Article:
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Gabriel Rosado: I felt flat against Shane Mosley Jr, it wasn’t my night

Gabriel Rosado took another loss, and gave opponent Shane Mosley Jr his credit.

Gabriel Rosado took his 15th loss on Saturday
Gabriel Rosado took his 15th loss on Saturday
Photo by Carmen Mandato/Getty Images

Gabriel Rosado has often been the underdog in his boxing career, but last night in San Antonio, he came in a solid if not crazy favorite against Shane Mosley Jr, only to find himself taking his 15th loss.

It wasn’t the outcome Rosado (26-15-1, 15 KO) or most expected. The 36-year-old veteran has never quite broken through as a top fighter, but he’s experienced and still game, and has done well in his career against opponents thought to be on the level of the 31-year-old Mosley.

Rosado, who shook his head when Mosley was announced as the winner, cleared up any confusion about what he was thinking in a Twitter post after the bout.

“Congrats to Mosley Jr. He fought a good fight. It wasn’t my night, I felt flat,” he wrote. “Thank you to all the fans for the love and support. God is good, I’m thankful and blessed.”

Mosley (18-4, 10 KO) scored pretty clearly the best win of his career, fighting smart throughout, and showing he was capable of beating Rosado no matter what Philly’s “King” tried. Rosado started feeling things out, and Mosley got the better of him there. When Rosado tried to turn up the heat, it was the bigger, younger, and fresher Mosley scoring the better shots and doing the more obvious damage.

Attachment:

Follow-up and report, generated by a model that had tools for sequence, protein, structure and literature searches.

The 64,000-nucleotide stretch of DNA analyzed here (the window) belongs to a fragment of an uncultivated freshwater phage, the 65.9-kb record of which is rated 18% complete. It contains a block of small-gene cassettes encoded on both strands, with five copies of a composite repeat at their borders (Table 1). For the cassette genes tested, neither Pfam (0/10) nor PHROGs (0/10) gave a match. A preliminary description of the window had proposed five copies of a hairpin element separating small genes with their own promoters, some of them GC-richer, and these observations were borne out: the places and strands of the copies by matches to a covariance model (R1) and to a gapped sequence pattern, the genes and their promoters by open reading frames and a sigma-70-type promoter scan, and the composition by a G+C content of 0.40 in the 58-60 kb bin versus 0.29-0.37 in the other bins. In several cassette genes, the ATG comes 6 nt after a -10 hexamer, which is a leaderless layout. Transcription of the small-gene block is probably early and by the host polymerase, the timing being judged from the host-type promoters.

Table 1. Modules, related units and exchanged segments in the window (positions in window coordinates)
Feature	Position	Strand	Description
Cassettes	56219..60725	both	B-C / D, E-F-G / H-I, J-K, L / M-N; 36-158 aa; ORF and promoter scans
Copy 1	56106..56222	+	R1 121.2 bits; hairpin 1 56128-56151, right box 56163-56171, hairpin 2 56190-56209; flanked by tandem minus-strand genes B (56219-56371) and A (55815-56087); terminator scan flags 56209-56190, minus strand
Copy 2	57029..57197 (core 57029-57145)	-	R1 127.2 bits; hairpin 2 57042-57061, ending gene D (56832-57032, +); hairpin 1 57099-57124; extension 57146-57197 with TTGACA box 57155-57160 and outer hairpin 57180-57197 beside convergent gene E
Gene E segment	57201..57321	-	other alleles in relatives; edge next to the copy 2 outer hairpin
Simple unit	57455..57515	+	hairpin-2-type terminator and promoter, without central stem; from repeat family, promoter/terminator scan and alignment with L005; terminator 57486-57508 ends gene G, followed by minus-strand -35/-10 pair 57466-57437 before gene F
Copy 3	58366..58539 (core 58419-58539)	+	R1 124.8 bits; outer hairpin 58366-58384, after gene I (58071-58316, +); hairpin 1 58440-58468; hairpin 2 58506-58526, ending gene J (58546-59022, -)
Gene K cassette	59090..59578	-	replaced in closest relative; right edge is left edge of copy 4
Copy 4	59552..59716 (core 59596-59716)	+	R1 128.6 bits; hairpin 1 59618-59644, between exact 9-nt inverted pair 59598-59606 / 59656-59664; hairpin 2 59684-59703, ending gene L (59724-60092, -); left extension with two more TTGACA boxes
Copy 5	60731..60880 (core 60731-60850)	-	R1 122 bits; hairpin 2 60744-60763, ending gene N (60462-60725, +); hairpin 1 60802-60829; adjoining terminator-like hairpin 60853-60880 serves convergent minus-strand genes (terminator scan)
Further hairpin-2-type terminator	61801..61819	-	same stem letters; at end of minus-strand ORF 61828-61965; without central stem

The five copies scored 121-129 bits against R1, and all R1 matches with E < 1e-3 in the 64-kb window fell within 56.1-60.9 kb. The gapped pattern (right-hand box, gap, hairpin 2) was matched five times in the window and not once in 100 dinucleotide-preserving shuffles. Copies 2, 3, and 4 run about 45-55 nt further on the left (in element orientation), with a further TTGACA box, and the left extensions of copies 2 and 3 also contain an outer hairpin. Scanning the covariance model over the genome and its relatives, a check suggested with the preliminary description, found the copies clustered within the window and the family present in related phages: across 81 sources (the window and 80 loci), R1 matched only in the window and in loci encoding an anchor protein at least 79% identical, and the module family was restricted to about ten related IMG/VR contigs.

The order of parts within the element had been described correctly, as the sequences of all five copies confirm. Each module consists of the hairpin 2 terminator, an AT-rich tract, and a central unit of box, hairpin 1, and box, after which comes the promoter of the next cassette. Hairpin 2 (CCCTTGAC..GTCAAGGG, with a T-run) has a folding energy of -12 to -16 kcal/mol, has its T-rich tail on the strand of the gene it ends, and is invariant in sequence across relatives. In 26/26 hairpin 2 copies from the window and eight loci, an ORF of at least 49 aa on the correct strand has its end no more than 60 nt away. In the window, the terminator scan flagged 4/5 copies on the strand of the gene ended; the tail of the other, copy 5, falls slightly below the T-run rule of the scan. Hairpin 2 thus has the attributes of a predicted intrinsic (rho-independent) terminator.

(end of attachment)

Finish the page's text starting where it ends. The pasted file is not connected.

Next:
Two judges had the fight 97-93 and 98-92 for Mosley, which is consistent with what most saw, while a third (Angel Mendez Ramos) had it 95-95, which was highly questionable.

For Mosley, it’s a good win that gets him moving forward. I doubt many will see him as a legitimate contender at 168 now — Rosado wasn’t seen as one coming in — but it’s a great rebound from a loss to Jason Quigley last time out, and he looked comfortable and confident at the weight, coming up from 160.

For Rosado, it’s another setback, and a big blow to his dwindling hopes of winning a world title before he hangs up the gloves. Those who have watched him in his career know that Rosado could have been more carefully managed to a much shinier record, something like five or six losses instead of 15, but at some point he’s going to start wondering how much is really left in the game for him, at least as an active fighter. He’s a smart dude who has worked his ass off in his career, but if it hasn’t happened yet, how much longer will he want to keep pressing it?